Aircraft assembly in Asia is not on the cards for Boeing, with the US airframer learning from McDonnell Douglas's failed venture in China that such projects come with great risks.
McDonnell Douglas, which Boeing acquired in 1998, had a long-running programme of airliner production in China. This started with the MD-80 and led to the Chinese "Trunkliner" programme in the 1990s that envisaged the production of 40 MD-90-30Ts by Shanghai Aviation Industrial. However, low demand meant that only two aircraft were ever assembled, and the programme was eventually cancelled in 1998 at the Chinese government's request.
Some now believe that it makes sense for airframe manufacturers to assemble entire aircraft in Asia, given the lower costs that the region could offer. But Larry Dickenson, vice-president for sales at Boeing Commercial Airplanes, says that this is not his company's view.
"We did not do well in China with McDonnell Douglas and I'm not sure if we'd be keen on doing something similar again," says Dickenson. "We have totally changed the way that we are involved in China and the region."
Outsourcing the production of aircraft components, which Japanese manufacturers do for the Boeing 787, and the maintenance, repair and overhaul joint ventures in China and India, are very successful investment strategies, he adds.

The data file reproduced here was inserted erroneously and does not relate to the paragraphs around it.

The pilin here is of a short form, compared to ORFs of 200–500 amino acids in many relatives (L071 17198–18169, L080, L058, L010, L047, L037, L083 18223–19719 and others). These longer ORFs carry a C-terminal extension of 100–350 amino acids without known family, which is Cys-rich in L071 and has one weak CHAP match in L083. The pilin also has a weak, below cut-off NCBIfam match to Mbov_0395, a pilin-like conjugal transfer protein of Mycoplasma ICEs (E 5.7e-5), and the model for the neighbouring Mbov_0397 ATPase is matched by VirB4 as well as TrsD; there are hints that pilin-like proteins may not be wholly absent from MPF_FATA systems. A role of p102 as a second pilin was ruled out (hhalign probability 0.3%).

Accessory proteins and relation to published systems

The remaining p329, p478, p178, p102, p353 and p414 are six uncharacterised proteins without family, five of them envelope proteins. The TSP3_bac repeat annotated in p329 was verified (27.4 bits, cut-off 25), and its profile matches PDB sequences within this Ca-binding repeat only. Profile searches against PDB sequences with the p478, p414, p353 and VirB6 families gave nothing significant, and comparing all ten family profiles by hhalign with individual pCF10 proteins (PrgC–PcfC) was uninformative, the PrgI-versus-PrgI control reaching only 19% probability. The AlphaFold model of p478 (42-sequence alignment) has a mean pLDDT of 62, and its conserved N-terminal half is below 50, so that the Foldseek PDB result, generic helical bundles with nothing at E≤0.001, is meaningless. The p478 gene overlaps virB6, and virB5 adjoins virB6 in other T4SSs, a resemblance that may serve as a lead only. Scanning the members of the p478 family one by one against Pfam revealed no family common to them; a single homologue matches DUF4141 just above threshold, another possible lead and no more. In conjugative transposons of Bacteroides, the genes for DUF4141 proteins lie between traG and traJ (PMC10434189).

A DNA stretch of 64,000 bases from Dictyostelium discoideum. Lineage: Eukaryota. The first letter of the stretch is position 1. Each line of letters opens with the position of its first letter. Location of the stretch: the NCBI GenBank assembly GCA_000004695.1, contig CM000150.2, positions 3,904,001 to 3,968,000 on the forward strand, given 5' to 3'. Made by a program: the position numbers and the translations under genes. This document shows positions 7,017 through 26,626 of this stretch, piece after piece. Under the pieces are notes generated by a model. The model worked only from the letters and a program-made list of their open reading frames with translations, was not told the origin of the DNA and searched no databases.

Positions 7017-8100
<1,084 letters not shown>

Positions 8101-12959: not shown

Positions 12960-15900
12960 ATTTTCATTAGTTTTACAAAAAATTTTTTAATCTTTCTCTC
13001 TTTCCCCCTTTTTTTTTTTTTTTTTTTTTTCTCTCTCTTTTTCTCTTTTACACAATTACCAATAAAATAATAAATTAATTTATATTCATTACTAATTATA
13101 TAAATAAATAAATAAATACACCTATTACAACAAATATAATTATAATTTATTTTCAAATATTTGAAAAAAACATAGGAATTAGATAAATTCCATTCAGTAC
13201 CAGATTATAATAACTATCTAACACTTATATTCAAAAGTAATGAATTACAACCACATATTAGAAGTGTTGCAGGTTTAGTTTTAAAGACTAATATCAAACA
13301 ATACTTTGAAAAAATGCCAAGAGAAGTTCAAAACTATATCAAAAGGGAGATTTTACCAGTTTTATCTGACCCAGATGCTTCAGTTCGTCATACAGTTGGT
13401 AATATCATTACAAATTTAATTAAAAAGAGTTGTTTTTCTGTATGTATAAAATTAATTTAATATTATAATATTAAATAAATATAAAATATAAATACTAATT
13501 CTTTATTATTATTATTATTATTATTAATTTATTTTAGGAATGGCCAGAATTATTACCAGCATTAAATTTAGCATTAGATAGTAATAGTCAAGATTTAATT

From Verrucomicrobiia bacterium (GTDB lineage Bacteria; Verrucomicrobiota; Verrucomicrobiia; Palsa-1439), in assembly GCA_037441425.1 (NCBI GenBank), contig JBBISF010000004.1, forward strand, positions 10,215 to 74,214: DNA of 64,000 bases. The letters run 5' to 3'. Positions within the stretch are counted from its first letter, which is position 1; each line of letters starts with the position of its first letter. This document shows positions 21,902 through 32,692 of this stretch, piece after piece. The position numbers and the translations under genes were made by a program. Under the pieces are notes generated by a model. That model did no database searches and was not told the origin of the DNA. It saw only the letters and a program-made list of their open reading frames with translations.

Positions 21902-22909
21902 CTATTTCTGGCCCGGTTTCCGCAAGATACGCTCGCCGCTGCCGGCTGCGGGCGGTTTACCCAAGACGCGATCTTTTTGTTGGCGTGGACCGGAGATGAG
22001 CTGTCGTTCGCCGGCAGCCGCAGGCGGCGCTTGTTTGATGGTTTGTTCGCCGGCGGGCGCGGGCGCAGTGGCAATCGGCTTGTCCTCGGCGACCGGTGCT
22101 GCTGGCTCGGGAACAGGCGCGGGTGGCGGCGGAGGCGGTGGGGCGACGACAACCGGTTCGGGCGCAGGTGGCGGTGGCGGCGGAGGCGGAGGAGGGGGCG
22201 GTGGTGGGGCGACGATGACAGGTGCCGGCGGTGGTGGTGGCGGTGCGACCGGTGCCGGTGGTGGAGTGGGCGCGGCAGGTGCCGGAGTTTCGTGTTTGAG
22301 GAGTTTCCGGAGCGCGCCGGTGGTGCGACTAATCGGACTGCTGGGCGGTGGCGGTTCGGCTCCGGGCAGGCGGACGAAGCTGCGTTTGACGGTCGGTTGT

Rival Airbus is pressing ahead with plans to assemble its A320 series of aircraft in Tianjin, China. Some believe this could be a precursor to its eventual involvement in Beijing's plans to produce its own large aircraft, after its successful production of the ARJ21 narrowbody. Interestingly, the manufacturing processes and systems that were used for the MD-90 are now being applied to the ARJ21 programme.
Dickenson, who had formerly worked for McDonnell Douglas, says: "You know, Airbus tried to assemble aircraft in China many years ago and that did not work out too well. Boeing has certainly learnt a lesson from such a venture. We're sure that China has the capability to build a new aircraft without much help from outside. For now, we're too busy with our programmes to join a new project with China."
The manufacturer's sales focus, though, is firmly on Asia. Boeing forecasts that the Asia-Pacific will account for 29% of sales in 2020, just behind the USA which is projected to account for 32%. The preponderance of widebodies among Asian orders, however, means that manufacturers will make more money from the region.
China's rising passenger numbers and growing wealth make it a crucial market, and Dickenson points out: "It's interesting that two of the most successful airlines in the world, Cathay Pacific and Singapore Airlines, are trying to make inroads there. They've realised that the mainland is very important and it will become even more crucial."
Source: Flight International